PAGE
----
25-29. doi:10.7899/JCE-15-2
104. Kopansky-Giles D, Vernon H, Steiman I, Tibbles A,
Decina P, Goldin J, et al. Collaborative community-based
teaching clinics at the Canadian Memorial Chiropractic
College: addressing the needs of local poor communities.
J Manipulative Physiol Ther. 2007; 30(8): 558-565.
105. Riva JJ, Muller GD, Hornich AA, Mior SA, Gupta A,
Burnie SJ, et al. Chiropractors and collaborative care:
an overview illustrated with a case report. J Can Chiropr
Assoc. 2010; 54(3): 147-154.
106. Cherkin DC, Sherman KJ, Balderson BH, Cook AJ,
Anderson ML, Hawkes RJ, et al. Effect of mindfulness-
based stress reduction vs cognitive behavioral therapy
or usual care on back pain and functional limitations
in adults with chronic low back pain: a randomized
clinical trial. JAMA. 2016; 315(12): 1240. doi:10.1001/
107. Ilgen MA, Kleinberg F, Ignacio RV, Bohnert ASB,
Valenstein M, McCarthy JF, et al. Noncancer pain
conditions and risk of suicide. JAMA Psychiatry. 2013;
70(7): 692-697.
108. Löfman S, Räsänen P, Hakko H, Mainio A. Suicide
among persons with back pain: a population-based study
of 2310 suicide victims in northern Finland. Spine. 2011;
36(7): 541–548.
109. Murphy JL, McKellar JD, Raffa SD, Clark ME,
Kerns RD, Karlin, BE. Cognitive behavioral therapy
for chronic pain among veterans: therapist manual.
Washington, DC: U.S. Department of Veterans Affairs.
110. D’Anci KE, Uhl S, Giradi G, Martin C. Treatments for
the prevention and management of suicide: a systematic
review. Ann Intern Med. 2019; 171(5): 334. doi:10.7326/
111. Hawton K, Witt KG, Taylor Salisbury TL, Arensman E,
Gunnell D, Hazell P, et al. Psychosocial interventions for
self-harm in adults. Cochrane Database Syst Rev. 2016;
(5): CD012189. doi:10.1002/14651858.CD012189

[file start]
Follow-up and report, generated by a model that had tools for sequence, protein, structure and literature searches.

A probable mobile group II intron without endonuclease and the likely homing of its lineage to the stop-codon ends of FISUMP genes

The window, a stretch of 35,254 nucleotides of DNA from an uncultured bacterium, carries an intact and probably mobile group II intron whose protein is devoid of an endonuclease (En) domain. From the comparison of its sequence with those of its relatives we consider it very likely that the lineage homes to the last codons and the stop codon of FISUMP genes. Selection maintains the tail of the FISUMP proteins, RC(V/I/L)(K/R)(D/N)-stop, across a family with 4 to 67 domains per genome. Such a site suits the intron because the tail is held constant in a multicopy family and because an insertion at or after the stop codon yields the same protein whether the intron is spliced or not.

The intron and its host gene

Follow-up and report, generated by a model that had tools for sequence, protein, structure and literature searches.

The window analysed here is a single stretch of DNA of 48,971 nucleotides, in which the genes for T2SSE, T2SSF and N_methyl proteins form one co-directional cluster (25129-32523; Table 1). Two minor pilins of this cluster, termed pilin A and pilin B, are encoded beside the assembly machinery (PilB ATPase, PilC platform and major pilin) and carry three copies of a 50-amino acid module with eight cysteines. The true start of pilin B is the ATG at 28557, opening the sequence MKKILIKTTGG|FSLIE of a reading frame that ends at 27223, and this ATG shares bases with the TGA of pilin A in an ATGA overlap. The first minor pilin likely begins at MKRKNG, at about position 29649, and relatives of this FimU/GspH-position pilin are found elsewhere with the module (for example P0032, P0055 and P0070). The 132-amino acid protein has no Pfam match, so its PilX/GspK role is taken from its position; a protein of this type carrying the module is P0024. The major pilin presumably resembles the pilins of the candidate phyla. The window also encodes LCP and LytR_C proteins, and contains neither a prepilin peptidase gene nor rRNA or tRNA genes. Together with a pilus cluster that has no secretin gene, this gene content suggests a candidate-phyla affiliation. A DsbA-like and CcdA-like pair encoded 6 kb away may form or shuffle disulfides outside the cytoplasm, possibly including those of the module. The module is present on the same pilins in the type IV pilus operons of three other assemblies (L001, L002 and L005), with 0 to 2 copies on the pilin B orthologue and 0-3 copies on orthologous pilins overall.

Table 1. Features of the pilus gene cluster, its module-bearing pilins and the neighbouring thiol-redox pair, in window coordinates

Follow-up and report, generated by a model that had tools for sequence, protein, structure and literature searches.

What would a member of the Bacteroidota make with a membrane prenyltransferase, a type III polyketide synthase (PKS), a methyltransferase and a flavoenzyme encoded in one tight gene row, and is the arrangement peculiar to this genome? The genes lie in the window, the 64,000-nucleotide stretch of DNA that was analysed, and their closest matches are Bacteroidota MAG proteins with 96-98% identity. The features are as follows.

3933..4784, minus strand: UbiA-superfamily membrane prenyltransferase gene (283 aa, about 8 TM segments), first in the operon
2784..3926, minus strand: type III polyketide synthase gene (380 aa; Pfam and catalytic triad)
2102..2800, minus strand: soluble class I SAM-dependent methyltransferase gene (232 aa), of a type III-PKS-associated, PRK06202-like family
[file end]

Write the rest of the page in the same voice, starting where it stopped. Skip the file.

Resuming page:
112. Working together to prevent suicide in Canada: the
federal framework for suicide prevention. Public Health
Agency of Canada. Published November 24, 2016.
Accessed April, 06, 2021.
113. American Public Health Association — For science. For
action. For health. Published online 2020. Accessed May
15, 2020.
114. Butler County – Prevent Suicide PA. Published
online 2018. Accessed May 15, 2020. https://www.
J Can Chiropr Assoc 2021; 65(2) 153
ZA Cupler, CJ Daniels, DR Anderson, MT Anderson, JG Napuli, ME Tritt
Appendix 1.
National crisis hotlines*
Crisis Hotline Title Crisis Hotline Description Crisis Hotline Contact Information
Centre for Addiction and
Mental Health (CAMH)
Canada’s largest mental health teaching
hospital and one of the world’s leading
research centres in its eld.
Phone: 1-833-456-4566 (24/7)
Crisis Text Line The Crisis Text Line is a free text
messaging resource offering 24/7 support to
anyone in crisis.
Short Message Service (SMS):
Text HOME to 741741 (24/7)
The Canada Suicide
Prevention Service
Crisis Services Canada evolved out of
the Canadian Distress Line Network – a
national network of existing distress, crisis
and suicide prevention line services that has
been engaging members since 2002.
Phone: 1-833-456-4566 (24/7)
SMS: Text 45645 (4PM-Midnight)
National Suicide
Prevention Lifeline
The National Suicide Prevention Lifeline is
a national network of more than 150 local
crisis centers. It offers free and condential
emotional support around the clock to those
experiencing a suicidal crisis.
Phone: 800-273-8255 (24/7)
Online chat: (24/7)
Substance Abuse and
Mental Health Services
(SAMHSA) National
The Substance Abuse and Mental Health
Services Administration’s (SAMHSA)
national helpline offers condential
treatment referrals in both English and
Spanish to people struggling with mental
health conditions, substance use disorders,
or both.
Phone: 800-662-HELP (4357) (24/7)
Support for those who are deaf or hard of hearing:
Text to Telephone (TTY): 800-487-4889 (24/7)
The Trevor Project The Trevor Project offers crisis intervention
and suicide prevention to lesbian,
gay, bisexual, transgender, queer, and
questioning (LGBTQ) youth through its
hotline, chat feature, text feature, and online
support center.
Phone: 866-488-7386 (24/7)
SMS: Text START to 678678
Online Chat: TrevorCHAT
The Veterans Crisis Line The Veterans Crisis Line is a free,
condential resource staffed by qualied